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Hearing Aids Get Smart And Better Looking


Personal Business: HEALTH

HEARING AIDS GET SMART-AND BETTER-LOOKING

Decades of exposure to loud music, jackhammers, leaf blowers, and other kinds

of racket have taken their toll on the hearing of many adults. Yet many who know they have a problem would rather be caught deaf than wear a hearing aid.

Perhaps they should reconsider. Today's hearing aids are not the unsightly, feedback-generating protuberances that Grandpa used to wear. Advances in technology have made these devices smaller, sleeker, and--thanks to digital programming--better at correcting the most common type of hearing loss, caused by nerve damage.

THIMBLE OR PEA. Hearing aids come in three varieties: behind the ear (BTE), in the ear (ITE), and in the canal (ITC). Those placed in the ear or ear canal are about the size of a thimble and pea respectively--much smaller than devices that house mechanical components in a curved case that hooks behind the ear and connects to an earpiece via a small plastic tube. "Aids today can go so far within the ear that they're virtually impossible to see," says Dr. Mark Ross, professor emeritus at the University of Connecticut and author of several articles on hearing-aid technology.

Aids that fit inside the ear or canal require more attention, however. Their tiny batteries expire as often as every week, and exposure to ear wax causes more frequent repairs. Also, the smallest aids don't have room for the circuitry necessary for customized options. Dr. Robert J. Ruben, chairman of the department of otolaryngology at Montefiore Medical Center in the Bronx, N.Y., notes that with increased hearing-aid size comes greater versatility. People willing to wear a slightly larger device gain "the capability to tune it exactly to their type of hearing loss and hear only what they want to hear."

Until recently, all hearing aids amplified sounds equally, regardless of frequency. Low- frequency sounds, which include background din at a cocktail party and popcorn-crunching at the movies, were always given the same emphasis as high-frequency sounds, such as conversation with friends at the party or between characters on the screen. The result was a lot of noise but few distinguishable sounds. Most hearing loss occurs in the softer, high-frequency range, and this compounds the problem. The wearer of a traditional hearing aid often hears everything but understands little in situations where there is a spectrum of sounds.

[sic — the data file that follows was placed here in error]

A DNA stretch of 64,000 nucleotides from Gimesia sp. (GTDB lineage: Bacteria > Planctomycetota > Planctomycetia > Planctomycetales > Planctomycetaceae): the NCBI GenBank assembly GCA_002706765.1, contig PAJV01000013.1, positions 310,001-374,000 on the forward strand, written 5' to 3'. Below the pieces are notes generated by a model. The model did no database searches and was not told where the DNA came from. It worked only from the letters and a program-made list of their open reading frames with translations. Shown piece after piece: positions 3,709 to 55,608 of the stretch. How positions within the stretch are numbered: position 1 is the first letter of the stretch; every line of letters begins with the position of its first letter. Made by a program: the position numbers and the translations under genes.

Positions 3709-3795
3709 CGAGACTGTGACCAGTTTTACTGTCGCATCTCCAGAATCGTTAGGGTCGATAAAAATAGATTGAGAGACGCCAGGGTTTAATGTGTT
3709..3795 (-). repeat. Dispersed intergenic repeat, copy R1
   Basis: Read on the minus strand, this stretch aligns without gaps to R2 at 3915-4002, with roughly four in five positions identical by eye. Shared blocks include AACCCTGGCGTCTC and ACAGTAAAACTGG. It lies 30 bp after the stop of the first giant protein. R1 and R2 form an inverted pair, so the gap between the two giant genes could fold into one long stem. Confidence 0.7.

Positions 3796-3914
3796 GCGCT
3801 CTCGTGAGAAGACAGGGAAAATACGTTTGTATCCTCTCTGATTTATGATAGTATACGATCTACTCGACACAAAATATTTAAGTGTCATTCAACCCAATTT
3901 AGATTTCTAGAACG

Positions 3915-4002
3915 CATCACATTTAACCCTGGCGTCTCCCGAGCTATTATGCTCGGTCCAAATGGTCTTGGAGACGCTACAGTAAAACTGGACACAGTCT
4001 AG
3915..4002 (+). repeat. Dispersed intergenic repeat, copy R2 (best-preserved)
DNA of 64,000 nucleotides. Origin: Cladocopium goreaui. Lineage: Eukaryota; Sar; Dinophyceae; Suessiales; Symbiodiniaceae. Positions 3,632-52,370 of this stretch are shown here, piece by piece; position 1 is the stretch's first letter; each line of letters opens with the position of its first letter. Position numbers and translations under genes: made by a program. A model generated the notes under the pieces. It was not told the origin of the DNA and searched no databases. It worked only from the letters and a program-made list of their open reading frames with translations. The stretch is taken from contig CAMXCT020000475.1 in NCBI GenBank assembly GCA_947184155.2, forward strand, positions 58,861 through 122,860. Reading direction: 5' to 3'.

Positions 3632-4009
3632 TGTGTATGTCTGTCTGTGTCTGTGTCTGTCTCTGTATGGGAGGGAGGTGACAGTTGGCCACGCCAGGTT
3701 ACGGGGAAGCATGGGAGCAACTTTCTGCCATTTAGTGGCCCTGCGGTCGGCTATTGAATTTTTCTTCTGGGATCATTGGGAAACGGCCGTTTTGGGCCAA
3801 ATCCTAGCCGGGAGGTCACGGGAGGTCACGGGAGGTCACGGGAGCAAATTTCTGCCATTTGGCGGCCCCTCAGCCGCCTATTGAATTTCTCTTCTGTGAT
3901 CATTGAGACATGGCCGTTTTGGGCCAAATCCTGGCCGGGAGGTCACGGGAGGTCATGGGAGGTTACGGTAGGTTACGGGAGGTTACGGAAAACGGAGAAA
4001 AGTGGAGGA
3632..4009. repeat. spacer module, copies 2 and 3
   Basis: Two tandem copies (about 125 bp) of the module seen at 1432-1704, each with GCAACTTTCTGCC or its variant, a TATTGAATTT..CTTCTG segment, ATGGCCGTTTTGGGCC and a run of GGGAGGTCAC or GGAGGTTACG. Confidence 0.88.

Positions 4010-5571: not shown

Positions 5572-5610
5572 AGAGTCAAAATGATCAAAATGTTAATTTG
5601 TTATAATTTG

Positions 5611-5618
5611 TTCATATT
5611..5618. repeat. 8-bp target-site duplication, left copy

The advent of digitally programmed hearing aids about five years ago changed that. These devices use the same technology as computer microchips to customize amplification to hearing loss. Programmable BTE and ITE aids enable audiologists to turn up some frequencies while keeping

others at normal input levels. The high-frequency sound of a confidential whisper can be heard even when there's a babel of background noise.

Several programmable hearing aids also have memories that store frequency-amplification configurations for different situations. By pushing a button on a wireless remote control, the wearer can signal the hearing aid to switch between individualized settings for optimal office, home, telephone, and even concert listening.

NIGHTCLUB DIN. Kathy Buckley, a stand-up comic and spokesperson for the nonprofit Better Hearing Institute (800 EAR-WELL), wears a programmable aid that has special settings for performing and nonperforming situations. Previously, she had a hard time hearing a nightclub audience's response to her act over the competing sounds of clinking glasses and roaring air conditioners. "Now, I hear people's laughter more distinctly, which makes performing more enjoyable," she says.

Good hearing aids don't come cheap. The digitally programmed kind, made by such companies as 3M, ReSound, Phonak, Whidex, Starkey Laboratories, and Oticon, run $3,500 to $4,500 a pair; 90% of those with hearing loss need correction in both ears. To get a high-quality nonprogrammable aid with low distortion, uniform amplification, and manually adjusted volume control, you should expect to pay $1,800 to $2,000 a pair. Health insurance will usually cover some of the cost. And if your vanity pays a price, you'll pick up sounds again that you didn't even know you had been missing. Kate Murphy


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